Tuesday, February 25, 2020

Idea for media profession bill proposed

Mar 22. 2016
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By Wasamon Audjarint
The Nation

An idea to develop a media profession bill - including media licensing and registration - was proposed to key members of the National Reform Steering Assembly and the National Legislative Assembly on Monday.
“The bill could be essential to drive media reform in the era of fear from this [politically] abnormal situation,” said Alongkorn Ponlaboot, NRSA vice chairman, after receiving the proposal with NLA mass media subcommittee chairman ACM Chalee Chanruang.
The development of the bill, seen as a rare move by media practitioners, was led by the Petchaburi Mass Media Association with the support of a number of media practitioners upcountry.
Petchaburi Mass Media Association chairman Surapol Naknakorn told the Nation that the bill could pave the way for a legitimate media licensing system, which could help protect the benefits of individual media practitioners and the industry as a whole.
Surapol said at present there was no standard for media practices and as such the quality of media work was not guaranteed, while media practitioners’ work benefits were also not guaranteed. 
He said the licences required under the bill would establish a work standard and assure the public of a certain quality while media members, especially those working upcountry, would have their work benefits guaranteed in exchange for having improved qualifications and work quality.
Holders of the licences, he said, must prove that they have a qualification that meets the standard. For instance, their reports must be well-rounded and not biased.
 “Through this screening and certification, the licence-holders’ work quality and accountability would be kept on par, rather than depending on subjective requirements from their offices,” he said.
In return, he said having the licence would give the holder bargaining power for reasonable wages and social security benefits. That would particularly be the case for stringers and journalists working upcountry.
Surapol said new media organisations should be established in accordance with the bill to help regulate members via licensing.
An ethics committee should also be set up to help regulate the industry and maintain codes of conducts within media fields.
Codes of conduct should also be addressed in the bill, he added.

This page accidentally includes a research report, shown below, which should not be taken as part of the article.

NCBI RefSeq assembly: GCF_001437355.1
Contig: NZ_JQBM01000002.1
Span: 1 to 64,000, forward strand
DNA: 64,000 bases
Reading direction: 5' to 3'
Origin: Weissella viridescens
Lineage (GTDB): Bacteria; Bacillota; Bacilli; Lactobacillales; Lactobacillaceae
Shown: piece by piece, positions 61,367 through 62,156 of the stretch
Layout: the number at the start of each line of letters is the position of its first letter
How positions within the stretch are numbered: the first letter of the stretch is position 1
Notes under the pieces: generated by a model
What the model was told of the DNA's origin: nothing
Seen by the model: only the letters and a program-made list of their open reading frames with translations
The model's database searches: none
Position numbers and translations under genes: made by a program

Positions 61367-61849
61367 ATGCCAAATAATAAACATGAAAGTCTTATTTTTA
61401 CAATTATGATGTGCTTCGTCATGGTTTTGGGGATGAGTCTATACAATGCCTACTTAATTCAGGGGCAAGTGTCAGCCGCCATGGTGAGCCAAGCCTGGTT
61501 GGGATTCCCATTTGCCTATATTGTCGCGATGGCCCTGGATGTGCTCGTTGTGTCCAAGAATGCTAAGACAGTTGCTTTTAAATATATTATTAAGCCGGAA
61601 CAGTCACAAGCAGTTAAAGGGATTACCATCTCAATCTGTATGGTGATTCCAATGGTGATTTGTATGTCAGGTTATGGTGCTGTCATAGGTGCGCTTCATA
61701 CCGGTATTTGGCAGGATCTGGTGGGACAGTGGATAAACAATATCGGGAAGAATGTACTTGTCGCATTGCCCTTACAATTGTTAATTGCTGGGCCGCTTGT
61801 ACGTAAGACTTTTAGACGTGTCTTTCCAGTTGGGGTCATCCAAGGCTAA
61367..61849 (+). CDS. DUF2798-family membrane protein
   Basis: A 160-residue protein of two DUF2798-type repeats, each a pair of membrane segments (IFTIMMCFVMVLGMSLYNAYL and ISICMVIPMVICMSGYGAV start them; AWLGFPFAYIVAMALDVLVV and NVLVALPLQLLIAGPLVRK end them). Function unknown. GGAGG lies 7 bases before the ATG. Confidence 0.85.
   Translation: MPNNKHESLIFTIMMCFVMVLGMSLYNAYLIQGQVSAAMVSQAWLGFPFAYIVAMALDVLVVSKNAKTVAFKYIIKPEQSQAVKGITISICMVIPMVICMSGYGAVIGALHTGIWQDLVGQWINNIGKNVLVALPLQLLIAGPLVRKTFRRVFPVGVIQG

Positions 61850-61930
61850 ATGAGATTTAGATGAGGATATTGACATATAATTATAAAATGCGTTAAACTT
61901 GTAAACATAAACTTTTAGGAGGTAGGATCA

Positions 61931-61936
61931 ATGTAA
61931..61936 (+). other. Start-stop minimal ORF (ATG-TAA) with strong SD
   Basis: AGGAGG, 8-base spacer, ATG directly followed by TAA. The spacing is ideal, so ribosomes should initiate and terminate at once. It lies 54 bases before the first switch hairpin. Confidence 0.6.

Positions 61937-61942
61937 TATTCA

Surapol said the idea for the bill was inspired by a engineering profession law, in which a council was set up to regulate the industry and a moral committee established to penalise wrongdoers.
He said although the engineering profession bill was open to state officials to take part in, he downplayed state officials’ potential role in the media profession. It would depend on how media members designed the licensing system, he said.
It would not result in the state infringing on the media, he said. 
The NRSA has been working on media reform following the work of the now-defunct National Reform Council. It is also focusing on self regulation but has different details.
Chalee, the NLA mass media subcommittee chairman, said the NRSA should discuss the media bill idea first before the NLA could take further action.
Meanwhile, Confederation of Thai Journalists president Thepchai Yong called on the media to pay special attention to corruption cases, with investigative coverage for all alleged corruption cases, no matter the size.
Thepchai, group editor in chief at the Nation Multimedia Group, called on the public and the media not to admire people who were wealthy as a result of corruption, such as some politicians. 
“It is often that the media admire them but do not present another side of their stories,” he said. “The media should take up the leading role in creating public awareness against corrupt individuals.”
He was speaking at a seminar at the National Anti-Corruption Commission titled “The media, a significant mechanism and the country’s survival to transparent society”.
He praised the media for fiercely investigating Rai Som Co’s Bt139 million embezzlement of MCOT advertising revenue.
“It is a good case in point. The media wants society to act and inaction is not acceptable,” he said.
 
 
 
 

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